For me, Friday of last week was not a good birding day. We had travelled down to Blashford Lakes to see the Franklin's Gull. It was there and was easy to see, albeit after a long wait and hours of searching the thousands of gulls coming in to roost. Easy that is for everyone in the hide except me. I just could not get onto it. Even looking through Dave's scope which was centred on the bird I could not see anything that I could recognise as the Franklin's. I think by then I was just brain dead from staring at gulls.
There were distant views of Goosanders, Egyptian Geese, Ruddy Duck, and Black-necked Grebe but my only pictures for the day were of a Little Grebe and a Coot doing its leg stretching exercises. Going home in the car Dave was doing his best not to sound too happy whilst I tried to come to terms with my total failure.
At first I was a bit negative about going back for another try but Dave convinced me that I should give it another go and volunteered to come along with me to ensure that I did not dip it for a second time.
We did a bit of birding around the New Forest before heading to Blashford. It was all very quiet. We followed a Chaffinch flock for a while in the hope of seeing a Brambling but there was nothing we could be confident about. We also managed to catch up with an old friend that we had last photographed back in February.
On arrival at Blashford we found that the Tern Hide that we planned to use was to be shut between 3.30 an 4.30 for a gull roost event. The Goosander Hide had also been closed by the police as a result of an incident. This only left us with the Lapwing Hide. You get good views out over the lake from there but by 3.30 when the gulls would be arriving you are staring straight into the sun. Still we had no choice so Lapwing Hide it was.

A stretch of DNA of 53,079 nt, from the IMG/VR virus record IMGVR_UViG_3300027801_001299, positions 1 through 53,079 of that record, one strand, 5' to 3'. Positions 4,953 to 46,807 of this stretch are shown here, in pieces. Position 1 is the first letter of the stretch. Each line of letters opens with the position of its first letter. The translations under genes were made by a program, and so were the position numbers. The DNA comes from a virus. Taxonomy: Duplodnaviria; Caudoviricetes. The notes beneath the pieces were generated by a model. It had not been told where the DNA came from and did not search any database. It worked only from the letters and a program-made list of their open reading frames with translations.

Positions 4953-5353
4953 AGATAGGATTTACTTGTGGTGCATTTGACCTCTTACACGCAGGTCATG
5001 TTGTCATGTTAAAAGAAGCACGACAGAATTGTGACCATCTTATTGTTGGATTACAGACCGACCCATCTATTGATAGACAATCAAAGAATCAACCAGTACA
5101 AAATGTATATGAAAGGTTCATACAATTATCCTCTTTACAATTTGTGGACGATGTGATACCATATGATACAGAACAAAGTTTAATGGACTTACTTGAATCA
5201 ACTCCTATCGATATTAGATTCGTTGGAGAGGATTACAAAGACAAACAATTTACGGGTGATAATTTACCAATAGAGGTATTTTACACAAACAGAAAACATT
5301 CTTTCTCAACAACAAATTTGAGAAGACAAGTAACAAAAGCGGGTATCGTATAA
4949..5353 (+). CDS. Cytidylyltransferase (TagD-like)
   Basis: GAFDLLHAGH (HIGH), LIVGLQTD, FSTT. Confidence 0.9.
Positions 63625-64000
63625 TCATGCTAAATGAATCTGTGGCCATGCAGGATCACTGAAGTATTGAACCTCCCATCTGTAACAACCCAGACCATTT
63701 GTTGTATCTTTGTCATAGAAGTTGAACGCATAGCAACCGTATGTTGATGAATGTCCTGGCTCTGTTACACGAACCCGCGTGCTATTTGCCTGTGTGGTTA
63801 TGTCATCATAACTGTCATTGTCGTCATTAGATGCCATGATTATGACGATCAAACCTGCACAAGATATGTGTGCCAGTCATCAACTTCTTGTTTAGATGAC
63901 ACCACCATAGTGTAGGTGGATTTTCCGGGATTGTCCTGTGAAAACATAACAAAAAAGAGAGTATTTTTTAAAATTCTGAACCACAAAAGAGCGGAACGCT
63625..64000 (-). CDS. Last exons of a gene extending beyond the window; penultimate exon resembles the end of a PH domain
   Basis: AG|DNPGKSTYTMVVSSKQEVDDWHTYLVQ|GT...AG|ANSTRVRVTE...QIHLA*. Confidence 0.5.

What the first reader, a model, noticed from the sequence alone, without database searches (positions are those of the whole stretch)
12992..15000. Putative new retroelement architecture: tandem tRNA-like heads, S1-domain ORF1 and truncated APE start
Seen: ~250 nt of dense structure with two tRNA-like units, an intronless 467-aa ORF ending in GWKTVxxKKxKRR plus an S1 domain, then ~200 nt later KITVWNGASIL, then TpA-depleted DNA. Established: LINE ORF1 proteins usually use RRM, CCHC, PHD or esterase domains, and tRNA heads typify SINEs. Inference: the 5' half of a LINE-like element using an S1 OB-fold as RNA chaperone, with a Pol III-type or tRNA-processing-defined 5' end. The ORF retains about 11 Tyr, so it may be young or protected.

We settled down to an afternoons gull watching with a couple of Green and one Common Sandpiper thrown in for a bit of variety.
The only other item of note was a flock of thirty eight Herons that came in to roost late afternoon. This was the first time I had seen them in a large flock. Other than that it was a long afternoon and by the time the sun started to set at 4.15 no one in the hide had spotted the Franklin's. Then we had a call from the Tern Hide to say that it had been spotted and that it was close to us. It turned out to be directly in the path of the setting sun but as it dipped below the horizon we had a few minutes of light left and everyone in the hide, including me this time, managed to get good views.
I had already lost sight of the bird in the gathering gloom when I decided that I should try to get a picture of it. By then I could not see where it was so I just pointed in the general direction, wound up the ISO, fired off a few shots and hoped for the best. They are not brilliant but these are my record shots of the bird.
|Just a few of the gulls on the lake with the Franklin's arrowed|
|Heavy cropping but the white eye rings and darker mantle are just visible.|
And, to finish off the day, we had a starling murmuration swirling over our heads as we walked back to the car.